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Ri In-mo

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Title: Ri In-mo  
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Subject: Propaganda in North Korea, Politics of South Korea, Politics of North Korea, Political activism, 1917 births
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Ri In-mo

Ri In-mo
Born (1917-08-24)24 August 1917
Kimhyonggwon County, North Korea
Died 16 June 2007(2007-06-16) (aged 89)
Nationality North Korean
Known for Political prisoner jailed by the Republic of Korea (South Korea)
Ri In-mo
Chosŏn'gŭl 리인모
Hancha 李仁模
Revised Romanization Yi In-mo
McCune–Reischauer Ri In-mo

Ri In-mo[2] (Chosŏn'gŭl리인모; 24 August 1917[3] - 16 June 2007)[4] was a political prisoner from the Democratic People's Republic of Korea (North Korea). He spent 40 years in jail and under restriction of freedom in the Republic of Korea (South Korea).


  • History 1
  • Works 2
  • See also 3
  • References 4


Described by the Korean Central News Agency as "well-known among the DPRK people as an incarnation of faith and will"[3] and "a pro-reunification patriotic fighter,"[5] Ri was born in 1917 in Kimhyonggwon County, DPRK. He was "arrested by [South Korea] while fighting as a guerilla in the area of Mt. Jiri"[3] in January 1952 while serving as a war correspondent during the Korean War. Ri served 34 years in prison in South Korea.[6]

Ri was released in 1988 but South Korean authorities continued to restrict his activities. He was repatriated to the DPRK in March 1993 and was reunited with his wife and daughter.[6] Following his repatriation, Ri was in ill health, apparently due to the conditions he experienced in prison.[3] He underwent medical treatment in the United States in 1996.[6] After his health improved, Ri met with Kim Il-sung and his suffering in prison was turned into a propaganda film by North Korea.[7] Ri's numerous public appearance made him popular in the North.[6] However, the film's mentions of hunger strikes – and therefore the suggestion that food in RoK prisons was so abundant that one could go on hunger strike – had the undesired effect of teaching the North Koreans that life in the RoK prisons were not as bad as they had been told by their government.[7]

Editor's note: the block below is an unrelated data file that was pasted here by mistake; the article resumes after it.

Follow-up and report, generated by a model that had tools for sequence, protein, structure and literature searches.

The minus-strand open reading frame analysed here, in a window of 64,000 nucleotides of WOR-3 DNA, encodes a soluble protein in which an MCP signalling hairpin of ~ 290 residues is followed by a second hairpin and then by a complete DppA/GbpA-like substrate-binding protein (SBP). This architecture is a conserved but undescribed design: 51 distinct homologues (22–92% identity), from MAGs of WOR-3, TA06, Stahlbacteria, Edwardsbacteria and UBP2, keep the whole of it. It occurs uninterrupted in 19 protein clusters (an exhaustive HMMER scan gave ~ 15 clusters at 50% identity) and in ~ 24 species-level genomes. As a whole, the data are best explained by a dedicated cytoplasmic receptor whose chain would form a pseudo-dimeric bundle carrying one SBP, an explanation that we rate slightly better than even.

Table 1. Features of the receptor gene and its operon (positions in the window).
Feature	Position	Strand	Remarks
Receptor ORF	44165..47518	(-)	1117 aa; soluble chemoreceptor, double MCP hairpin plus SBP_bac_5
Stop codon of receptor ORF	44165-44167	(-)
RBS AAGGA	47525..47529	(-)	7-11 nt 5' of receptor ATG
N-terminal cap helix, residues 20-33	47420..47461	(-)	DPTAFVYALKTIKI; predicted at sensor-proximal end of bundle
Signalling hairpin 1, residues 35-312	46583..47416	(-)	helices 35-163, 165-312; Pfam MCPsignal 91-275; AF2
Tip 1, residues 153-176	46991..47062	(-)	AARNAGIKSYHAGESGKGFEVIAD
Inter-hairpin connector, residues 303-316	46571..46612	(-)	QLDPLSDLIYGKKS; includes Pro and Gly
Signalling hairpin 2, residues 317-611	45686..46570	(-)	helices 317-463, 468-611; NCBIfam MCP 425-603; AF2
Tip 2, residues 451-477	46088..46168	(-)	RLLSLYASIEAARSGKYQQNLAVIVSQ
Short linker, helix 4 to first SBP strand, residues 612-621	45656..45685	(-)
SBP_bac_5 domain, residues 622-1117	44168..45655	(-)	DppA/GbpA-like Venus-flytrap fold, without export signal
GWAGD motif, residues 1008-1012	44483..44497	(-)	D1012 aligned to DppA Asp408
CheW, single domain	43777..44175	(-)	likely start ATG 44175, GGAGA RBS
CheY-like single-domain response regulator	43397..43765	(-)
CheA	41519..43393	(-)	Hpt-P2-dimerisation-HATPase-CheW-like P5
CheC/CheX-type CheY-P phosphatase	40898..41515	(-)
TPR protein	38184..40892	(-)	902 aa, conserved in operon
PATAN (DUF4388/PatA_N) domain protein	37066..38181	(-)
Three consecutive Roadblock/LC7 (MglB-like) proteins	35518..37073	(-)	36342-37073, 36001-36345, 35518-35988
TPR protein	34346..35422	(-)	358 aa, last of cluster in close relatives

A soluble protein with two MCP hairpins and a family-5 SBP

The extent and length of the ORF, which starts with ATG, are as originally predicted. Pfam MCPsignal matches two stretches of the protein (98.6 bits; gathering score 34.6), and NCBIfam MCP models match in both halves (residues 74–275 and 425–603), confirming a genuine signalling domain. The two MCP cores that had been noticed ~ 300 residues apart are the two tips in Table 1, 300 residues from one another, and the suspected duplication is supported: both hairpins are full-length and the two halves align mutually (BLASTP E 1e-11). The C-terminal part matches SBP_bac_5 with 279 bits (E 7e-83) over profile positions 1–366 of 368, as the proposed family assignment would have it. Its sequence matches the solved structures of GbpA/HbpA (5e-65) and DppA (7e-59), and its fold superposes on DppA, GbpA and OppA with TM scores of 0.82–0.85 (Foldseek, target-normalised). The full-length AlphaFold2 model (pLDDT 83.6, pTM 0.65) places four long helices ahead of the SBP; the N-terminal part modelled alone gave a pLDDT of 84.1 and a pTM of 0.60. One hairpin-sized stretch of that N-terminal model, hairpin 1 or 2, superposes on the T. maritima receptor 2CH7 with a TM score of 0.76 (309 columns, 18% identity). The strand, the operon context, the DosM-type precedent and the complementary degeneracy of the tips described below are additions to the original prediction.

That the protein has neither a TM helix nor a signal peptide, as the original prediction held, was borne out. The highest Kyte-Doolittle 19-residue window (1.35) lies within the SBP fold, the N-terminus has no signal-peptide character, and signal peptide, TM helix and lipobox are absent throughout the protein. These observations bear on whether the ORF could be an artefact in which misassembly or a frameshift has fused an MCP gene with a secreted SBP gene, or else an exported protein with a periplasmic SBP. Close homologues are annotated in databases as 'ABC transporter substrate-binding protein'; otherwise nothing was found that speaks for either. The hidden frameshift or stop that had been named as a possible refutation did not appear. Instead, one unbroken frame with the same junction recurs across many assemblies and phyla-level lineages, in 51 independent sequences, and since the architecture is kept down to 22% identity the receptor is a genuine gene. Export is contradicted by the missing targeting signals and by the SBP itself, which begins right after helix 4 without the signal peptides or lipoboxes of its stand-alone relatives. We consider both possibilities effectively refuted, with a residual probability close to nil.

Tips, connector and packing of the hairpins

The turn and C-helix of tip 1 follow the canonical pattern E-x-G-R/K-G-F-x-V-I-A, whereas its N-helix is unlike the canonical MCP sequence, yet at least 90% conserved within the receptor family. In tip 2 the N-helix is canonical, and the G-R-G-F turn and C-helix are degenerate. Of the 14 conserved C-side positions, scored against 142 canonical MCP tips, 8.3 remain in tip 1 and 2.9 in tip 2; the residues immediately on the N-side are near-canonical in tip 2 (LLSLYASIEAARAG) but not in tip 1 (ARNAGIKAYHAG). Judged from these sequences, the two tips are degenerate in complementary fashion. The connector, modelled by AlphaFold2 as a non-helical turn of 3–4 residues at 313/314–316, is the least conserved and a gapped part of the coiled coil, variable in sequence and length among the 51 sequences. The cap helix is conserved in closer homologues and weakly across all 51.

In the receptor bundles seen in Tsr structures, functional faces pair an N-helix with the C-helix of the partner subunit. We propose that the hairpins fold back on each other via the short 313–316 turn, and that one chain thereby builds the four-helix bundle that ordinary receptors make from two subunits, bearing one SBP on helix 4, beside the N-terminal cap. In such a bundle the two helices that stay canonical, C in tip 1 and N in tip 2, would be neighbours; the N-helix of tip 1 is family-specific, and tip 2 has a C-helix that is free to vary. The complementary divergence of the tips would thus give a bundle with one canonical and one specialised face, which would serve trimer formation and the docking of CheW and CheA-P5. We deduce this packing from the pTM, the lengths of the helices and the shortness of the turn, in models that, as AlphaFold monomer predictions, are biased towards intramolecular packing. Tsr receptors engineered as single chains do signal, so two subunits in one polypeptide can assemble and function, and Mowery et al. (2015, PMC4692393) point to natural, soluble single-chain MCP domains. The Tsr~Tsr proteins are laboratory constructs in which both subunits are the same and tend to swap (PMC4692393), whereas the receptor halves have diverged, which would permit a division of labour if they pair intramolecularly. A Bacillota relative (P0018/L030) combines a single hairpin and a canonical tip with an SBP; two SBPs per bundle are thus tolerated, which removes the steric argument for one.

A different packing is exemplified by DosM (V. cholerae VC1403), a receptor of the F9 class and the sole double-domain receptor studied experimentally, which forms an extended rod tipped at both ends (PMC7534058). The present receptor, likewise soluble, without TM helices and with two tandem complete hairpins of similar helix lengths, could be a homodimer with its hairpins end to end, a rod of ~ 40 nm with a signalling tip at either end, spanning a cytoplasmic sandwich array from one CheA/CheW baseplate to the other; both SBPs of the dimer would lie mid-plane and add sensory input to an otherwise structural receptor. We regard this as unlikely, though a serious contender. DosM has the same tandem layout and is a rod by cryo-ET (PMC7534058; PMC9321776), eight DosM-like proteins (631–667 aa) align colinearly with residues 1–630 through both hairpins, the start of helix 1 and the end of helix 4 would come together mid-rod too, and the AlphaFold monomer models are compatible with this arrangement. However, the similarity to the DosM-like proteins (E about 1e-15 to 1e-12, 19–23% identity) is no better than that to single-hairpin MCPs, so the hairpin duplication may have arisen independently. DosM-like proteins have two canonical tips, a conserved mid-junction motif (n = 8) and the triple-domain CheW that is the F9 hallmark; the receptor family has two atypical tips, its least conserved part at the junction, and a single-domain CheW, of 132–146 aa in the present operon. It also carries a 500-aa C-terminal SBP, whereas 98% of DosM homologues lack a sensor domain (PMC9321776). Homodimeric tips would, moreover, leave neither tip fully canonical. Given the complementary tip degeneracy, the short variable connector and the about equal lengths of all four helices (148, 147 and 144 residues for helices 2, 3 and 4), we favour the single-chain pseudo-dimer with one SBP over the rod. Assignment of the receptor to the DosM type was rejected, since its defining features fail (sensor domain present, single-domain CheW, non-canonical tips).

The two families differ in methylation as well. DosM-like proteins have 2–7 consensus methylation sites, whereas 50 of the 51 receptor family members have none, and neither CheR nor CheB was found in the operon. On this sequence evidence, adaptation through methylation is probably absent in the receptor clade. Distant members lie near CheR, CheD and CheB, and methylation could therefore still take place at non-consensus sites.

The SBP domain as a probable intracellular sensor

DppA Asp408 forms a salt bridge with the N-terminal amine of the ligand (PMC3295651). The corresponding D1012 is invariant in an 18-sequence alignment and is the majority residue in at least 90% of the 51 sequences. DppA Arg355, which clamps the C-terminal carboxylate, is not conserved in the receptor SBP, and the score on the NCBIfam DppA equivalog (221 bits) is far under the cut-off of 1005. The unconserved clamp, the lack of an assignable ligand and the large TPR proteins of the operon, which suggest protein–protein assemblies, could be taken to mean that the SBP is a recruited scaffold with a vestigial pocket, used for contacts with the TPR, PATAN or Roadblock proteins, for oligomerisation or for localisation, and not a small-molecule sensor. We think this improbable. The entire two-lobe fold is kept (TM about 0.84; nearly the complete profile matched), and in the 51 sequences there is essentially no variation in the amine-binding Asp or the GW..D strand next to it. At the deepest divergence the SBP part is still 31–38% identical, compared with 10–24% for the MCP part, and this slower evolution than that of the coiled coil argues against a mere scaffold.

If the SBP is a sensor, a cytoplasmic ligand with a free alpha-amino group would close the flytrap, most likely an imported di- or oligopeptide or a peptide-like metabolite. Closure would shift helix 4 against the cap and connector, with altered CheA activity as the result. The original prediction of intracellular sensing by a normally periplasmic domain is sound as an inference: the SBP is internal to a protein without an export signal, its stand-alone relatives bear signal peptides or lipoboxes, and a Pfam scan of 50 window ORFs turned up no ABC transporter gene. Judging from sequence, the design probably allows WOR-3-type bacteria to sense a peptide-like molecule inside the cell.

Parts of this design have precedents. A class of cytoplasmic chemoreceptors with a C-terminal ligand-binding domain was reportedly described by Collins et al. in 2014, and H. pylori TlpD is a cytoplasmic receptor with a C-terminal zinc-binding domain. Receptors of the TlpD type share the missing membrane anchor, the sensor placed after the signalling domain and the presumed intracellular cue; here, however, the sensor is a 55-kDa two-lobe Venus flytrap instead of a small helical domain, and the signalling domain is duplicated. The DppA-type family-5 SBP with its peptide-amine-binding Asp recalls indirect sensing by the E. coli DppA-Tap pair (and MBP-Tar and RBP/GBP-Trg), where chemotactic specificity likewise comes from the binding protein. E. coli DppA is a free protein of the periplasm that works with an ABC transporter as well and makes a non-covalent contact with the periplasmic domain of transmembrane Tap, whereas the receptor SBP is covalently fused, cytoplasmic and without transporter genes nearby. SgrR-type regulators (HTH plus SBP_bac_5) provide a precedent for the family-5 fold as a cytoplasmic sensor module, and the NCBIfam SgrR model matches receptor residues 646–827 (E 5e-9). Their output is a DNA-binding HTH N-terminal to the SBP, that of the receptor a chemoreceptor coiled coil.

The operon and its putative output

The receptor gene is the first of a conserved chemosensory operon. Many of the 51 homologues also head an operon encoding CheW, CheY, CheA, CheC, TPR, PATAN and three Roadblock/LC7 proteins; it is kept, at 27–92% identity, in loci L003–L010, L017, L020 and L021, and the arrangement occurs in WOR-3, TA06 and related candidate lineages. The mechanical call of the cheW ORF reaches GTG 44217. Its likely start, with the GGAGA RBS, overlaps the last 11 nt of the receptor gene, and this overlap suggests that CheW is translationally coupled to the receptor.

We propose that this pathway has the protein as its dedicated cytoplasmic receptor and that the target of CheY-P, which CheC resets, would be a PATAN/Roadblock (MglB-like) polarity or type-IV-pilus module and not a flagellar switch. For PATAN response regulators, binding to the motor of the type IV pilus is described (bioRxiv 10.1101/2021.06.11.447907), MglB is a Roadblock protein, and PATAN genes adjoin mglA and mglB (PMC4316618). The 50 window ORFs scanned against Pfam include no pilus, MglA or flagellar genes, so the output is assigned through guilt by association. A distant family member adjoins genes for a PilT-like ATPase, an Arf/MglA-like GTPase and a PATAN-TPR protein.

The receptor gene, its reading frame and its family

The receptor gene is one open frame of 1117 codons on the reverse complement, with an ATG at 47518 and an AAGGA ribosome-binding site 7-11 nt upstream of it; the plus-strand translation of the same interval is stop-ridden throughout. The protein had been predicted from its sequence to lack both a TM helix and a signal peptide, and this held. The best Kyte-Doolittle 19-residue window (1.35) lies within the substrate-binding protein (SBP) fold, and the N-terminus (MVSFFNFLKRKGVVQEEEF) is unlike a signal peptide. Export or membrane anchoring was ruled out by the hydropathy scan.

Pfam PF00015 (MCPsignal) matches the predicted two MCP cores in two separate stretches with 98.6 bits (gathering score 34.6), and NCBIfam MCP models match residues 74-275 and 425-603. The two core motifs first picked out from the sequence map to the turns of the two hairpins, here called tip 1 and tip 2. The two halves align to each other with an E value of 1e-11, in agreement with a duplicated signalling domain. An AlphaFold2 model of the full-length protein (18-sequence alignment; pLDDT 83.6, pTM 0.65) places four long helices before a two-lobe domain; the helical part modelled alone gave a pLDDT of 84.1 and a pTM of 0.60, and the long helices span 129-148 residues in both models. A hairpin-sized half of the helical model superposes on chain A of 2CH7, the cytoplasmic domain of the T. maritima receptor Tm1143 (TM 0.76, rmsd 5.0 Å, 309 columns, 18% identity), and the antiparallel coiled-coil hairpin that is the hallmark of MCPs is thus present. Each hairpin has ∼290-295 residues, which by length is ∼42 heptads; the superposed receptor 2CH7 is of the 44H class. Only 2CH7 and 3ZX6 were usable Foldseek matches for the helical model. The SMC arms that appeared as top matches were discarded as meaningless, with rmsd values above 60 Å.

Ri died on 16 June 2007 and was given a hero's funeral. A statue was erected in his honor in Pyongyang the following year.[6]


  • Ri In-mo (1993). Incarnation of Faith and Will: Notes of Ri In Mo, Former War Correspondent of the Korean People's Army. Pyongyang: Foreign Languages Publishing House.  
  • — (1994). A Withered Leaf Turning Green. Pyongyang: Foreign Languages Publishing House.  
  • — (1997). My Life and Faith: Memoirs. Pyongyang: Foreign Languages Publishing House.  

See also


  1. ^ "Yi, In-mo, 1917-". Linked Data Service Library of Congress. Retrieved 25 July 2015. 
  2. ^ Agency, Yonhap News, ed. (27 Dec 2002). North Korea Handbook. Seoul: M. E. Sharpe. p. 470.  
  3. ^ a b c d "Ri In Mo, Incarnation of Faith and Will".  
  4. ^ "Ri In Mo Passes Away". KCNA. 17 June 2007. Archived from the original on 12 October 2014. Retrieved 25 July 2015. 
  5. ^ "Learning from Spirit of Ri In Mo, Pro-reunification Patriotic Fighter, Encouraged in DPRK".  
  6. ^ a b c d e James Hoare (13 July 2012). Historical Dictionary of Democratic People's Republic of Korea. Scarecrow Press. p. 327.  
  7. ^ a b Burdick, Eddie (26 May 2010). Three Days in the Hermit Kingdom: An American Visits North Korea. McFarland. p. 300.  
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